Estimating Causal Effects of HIV Prevention Interventions with Interference in Network-based Studies among People Who Inject Drugs

This paper described methods to evaluate disseminated effects in sociometric network studies and applies these methods to network-based study of injection drug users at risk for HIV. The manuscript is submitted to Annals of Applied Statistics. 


Evaluating causal effects in the presence of interference is challenging in network-based studies of hard-to-reach populations. Like many such populations, people who inject drugs (PWID) are embedded in social networks and often exert influence on others in their network. In our setting, the study design is observational with a non-randomized network-based HIV prevention intervention. Information is available on each participant and their connections that confer possible HIV risk through injection and sexual behaviors. We considered two inverse probability weighted (IPW) estimators to quantify the population-level effects of non-randomized interventions on subsequent health outcomes. We demonstrated that these two IPW estimators are consistent, asymptotically normal, and derived a closed-form estimator for the asymptotic variance, while allowing for overlapping interference sets (groups of individuals in which the interference is assumed possible). A simulation study was conducted to evaluate the finite-sample performance of the estimators. We analyzed data from the Transmission Reduction Intervention Project, which ascertained a network of PWID and their contacts in Athens, Greece, from 2013 to 2015. We evaluated the effects of community alerts on HIV risk behavior in this observed network, where the links between participants were defined by using substances or having unprotected sex together. In the study, community alerts were distributed to inform people of recent HIV infections among individuals in close proximity in the observed network. The estimates of the risk differences for spillover using either IPW estimator demonstrated a protective effect. The results suggest that HIV risk behavior can be mitigated by exposure to a community alert when an increased risk of HIV is detected in the network.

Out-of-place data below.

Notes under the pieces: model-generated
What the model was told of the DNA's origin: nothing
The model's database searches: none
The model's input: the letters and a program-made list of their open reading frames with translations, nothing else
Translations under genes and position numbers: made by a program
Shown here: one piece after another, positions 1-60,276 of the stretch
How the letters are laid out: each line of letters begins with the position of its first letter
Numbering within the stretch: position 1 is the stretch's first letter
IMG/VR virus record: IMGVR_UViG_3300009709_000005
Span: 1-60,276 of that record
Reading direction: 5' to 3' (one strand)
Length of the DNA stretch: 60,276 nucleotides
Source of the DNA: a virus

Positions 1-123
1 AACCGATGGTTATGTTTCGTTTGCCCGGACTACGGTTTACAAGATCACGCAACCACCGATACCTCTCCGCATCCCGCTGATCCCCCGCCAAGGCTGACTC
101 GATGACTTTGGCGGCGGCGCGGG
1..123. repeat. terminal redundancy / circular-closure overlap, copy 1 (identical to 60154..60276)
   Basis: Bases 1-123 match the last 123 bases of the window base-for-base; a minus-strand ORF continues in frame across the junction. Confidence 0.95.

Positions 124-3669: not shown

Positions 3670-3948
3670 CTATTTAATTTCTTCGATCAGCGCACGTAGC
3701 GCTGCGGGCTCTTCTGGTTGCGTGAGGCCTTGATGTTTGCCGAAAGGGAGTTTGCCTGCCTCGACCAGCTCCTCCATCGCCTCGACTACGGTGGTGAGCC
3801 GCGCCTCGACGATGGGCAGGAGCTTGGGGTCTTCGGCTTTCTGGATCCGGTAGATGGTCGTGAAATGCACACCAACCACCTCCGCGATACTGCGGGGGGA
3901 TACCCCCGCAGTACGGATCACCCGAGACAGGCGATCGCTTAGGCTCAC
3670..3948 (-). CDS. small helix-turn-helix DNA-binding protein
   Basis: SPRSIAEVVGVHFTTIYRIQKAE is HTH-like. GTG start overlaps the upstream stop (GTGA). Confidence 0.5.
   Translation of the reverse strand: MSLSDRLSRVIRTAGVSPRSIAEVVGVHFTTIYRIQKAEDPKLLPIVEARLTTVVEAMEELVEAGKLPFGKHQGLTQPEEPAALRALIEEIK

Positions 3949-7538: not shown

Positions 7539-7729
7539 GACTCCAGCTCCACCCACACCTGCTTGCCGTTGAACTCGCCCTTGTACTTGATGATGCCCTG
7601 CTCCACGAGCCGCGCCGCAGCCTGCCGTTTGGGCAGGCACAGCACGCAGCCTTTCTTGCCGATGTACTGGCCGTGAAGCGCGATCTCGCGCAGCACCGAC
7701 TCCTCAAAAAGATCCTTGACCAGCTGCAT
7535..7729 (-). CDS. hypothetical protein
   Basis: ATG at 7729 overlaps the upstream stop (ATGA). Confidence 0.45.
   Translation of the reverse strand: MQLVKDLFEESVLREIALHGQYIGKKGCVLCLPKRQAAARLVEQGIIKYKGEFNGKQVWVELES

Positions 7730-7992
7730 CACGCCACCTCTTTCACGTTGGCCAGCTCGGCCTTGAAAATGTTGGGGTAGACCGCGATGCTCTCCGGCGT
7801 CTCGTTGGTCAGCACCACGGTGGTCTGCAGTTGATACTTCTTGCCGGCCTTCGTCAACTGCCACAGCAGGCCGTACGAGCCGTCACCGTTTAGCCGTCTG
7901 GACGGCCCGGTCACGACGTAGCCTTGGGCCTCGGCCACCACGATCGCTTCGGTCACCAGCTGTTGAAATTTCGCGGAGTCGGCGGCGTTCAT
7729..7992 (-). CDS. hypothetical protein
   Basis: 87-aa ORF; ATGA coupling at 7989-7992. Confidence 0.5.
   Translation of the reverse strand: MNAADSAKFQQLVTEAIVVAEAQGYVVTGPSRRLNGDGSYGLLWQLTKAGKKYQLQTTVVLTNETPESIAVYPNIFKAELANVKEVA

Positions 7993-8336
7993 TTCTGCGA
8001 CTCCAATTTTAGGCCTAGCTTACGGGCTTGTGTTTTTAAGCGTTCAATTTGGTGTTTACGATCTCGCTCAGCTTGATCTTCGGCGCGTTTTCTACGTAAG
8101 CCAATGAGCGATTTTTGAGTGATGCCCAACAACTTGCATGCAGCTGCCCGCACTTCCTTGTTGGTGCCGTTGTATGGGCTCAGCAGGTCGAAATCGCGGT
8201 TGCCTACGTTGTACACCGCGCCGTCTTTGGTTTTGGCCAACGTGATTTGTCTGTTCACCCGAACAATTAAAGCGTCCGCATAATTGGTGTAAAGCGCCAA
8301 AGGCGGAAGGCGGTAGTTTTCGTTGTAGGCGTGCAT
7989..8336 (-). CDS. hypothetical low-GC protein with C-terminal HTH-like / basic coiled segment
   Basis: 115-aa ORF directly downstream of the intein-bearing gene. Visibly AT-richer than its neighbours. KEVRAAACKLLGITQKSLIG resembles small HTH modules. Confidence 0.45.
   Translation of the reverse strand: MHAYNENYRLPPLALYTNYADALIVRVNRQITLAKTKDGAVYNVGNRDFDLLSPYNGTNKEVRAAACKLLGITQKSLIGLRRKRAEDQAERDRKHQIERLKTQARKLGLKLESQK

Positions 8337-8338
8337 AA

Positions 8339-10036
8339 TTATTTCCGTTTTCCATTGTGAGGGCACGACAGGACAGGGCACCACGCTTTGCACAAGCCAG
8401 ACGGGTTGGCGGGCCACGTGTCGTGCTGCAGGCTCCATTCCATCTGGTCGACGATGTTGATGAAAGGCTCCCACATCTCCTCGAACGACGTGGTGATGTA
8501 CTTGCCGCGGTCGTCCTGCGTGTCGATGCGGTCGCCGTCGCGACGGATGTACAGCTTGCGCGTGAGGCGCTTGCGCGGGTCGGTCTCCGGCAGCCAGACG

Estimating Causal Effects of Non-Randomized HIV Prevention Interventions with Interference in Network-based Studies among People who Inject Drugs

Sample code can be found in Shared Resource.